UC to devise GIS-based system to counter spread of dengue
October 02, 2016
A geographic information system-based dengue surveillance and epidemiology, the first in the country, will be piloted in Baguio in a bid to further improve government health care response to dengue fever.
The Cordillera Health Research and Development Consortium announced Thursday that the University of the Cordilleras will be developing a GIS-based analysis of dengue fever cases in Baguio.
Development will commence this month and ends in October 2017. Patients tested positive for dengue fever in Baguio over the past five years will be the primary respondents of the study.
The use of GIS in public health is recognized worldwide especially in Canada, which uses one of the best applications of GIS in disease surveillance and epidemiology.
In partnership with different higher learning institutions, the Department of Science and Technology-CRHRDC and the Department of Health-Cordillera, the GIS system will provide healthcare providers a holistic and scientific data in their course of analyzing disease patterns.
Under the proposed project, the GIS system will show disease spread patterns, identify areas with high incidence of dengue fever cases and tele-medicine, which means quantifying populations and health care availability when distance separates patients and healthcare providers.
The system will also identify areas of infectious and potential risks of new diseases, and find out the geographic, environmental, and human causes.
The system will also forecast and help health officials and healthcare providers in planning to combat emerging diseases and establishment of special treatment centers.
DOH representatives suggested some variables to be integrated in the GIS system such as the terrain, presence of bodies of water, and weather patterns, as dengue-carrying mosquitoes have adapted to any type of environment.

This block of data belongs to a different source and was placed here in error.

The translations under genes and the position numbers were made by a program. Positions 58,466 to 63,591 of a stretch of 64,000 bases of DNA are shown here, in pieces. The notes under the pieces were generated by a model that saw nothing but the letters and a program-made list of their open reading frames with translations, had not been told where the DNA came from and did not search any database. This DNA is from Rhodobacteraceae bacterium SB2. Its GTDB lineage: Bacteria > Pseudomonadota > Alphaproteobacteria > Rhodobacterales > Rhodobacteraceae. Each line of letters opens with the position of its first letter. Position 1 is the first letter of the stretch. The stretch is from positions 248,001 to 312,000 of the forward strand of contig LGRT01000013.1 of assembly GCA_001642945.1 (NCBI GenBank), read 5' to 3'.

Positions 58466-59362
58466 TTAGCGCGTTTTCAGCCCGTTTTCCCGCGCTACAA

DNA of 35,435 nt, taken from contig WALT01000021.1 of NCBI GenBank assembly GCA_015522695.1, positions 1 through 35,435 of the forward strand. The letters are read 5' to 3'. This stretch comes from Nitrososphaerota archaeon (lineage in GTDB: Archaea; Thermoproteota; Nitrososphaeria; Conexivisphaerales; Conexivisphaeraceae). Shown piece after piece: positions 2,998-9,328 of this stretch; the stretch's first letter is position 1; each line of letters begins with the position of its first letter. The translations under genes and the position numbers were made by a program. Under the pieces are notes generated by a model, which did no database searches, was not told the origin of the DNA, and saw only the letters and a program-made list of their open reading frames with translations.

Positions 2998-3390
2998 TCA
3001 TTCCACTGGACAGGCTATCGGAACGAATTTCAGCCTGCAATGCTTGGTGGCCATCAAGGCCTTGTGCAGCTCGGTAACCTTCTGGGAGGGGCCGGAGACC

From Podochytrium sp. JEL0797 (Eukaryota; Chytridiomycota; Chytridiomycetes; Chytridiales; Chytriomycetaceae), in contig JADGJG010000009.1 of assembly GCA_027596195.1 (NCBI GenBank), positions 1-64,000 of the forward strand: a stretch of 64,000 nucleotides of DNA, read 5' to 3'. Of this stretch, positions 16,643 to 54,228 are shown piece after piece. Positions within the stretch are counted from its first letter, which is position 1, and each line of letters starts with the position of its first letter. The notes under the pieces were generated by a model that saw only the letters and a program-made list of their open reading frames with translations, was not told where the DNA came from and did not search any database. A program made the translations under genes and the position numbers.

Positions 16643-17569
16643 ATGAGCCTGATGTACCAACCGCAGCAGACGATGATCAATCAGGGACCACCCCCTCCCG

Dengue-carrying mosquitoes can now survive in extremely cold and high temperature ranging from below 16 degrees Celsius to 40 degrees Celsius.
Breeding sites of mosquitoes are no longer only found in clean stagnant water but also in cleaner portions of murky water while mosquitoes also thrive even during summer. In the past, dengue cases are mostly recorded during the rainy season.
Since January this year, the DOH-CAR recorded 8,558 dengue fever cases with 20 deaths.
Baguio and La Trinidad, Benguet have five deaths each, followed by Apayao with three; while Abra, Ifugao, and Kalinga have two deaths each. One non-CAR resident died in a hospital in Baguio.
The city government is expected to be the first LGU to adopt a GIS-based system of plotting dengue trends and patterns. The system will be crucial in evaluating policies and programs to combat dengue fever and other emerging diseases in the future.
The project will be funded by the DOST-Philippine Council for Health Research and Development.
Published in the Baguio Midland Courier issued October 2, 2016 | Article & Photo by Harley F. Palangchao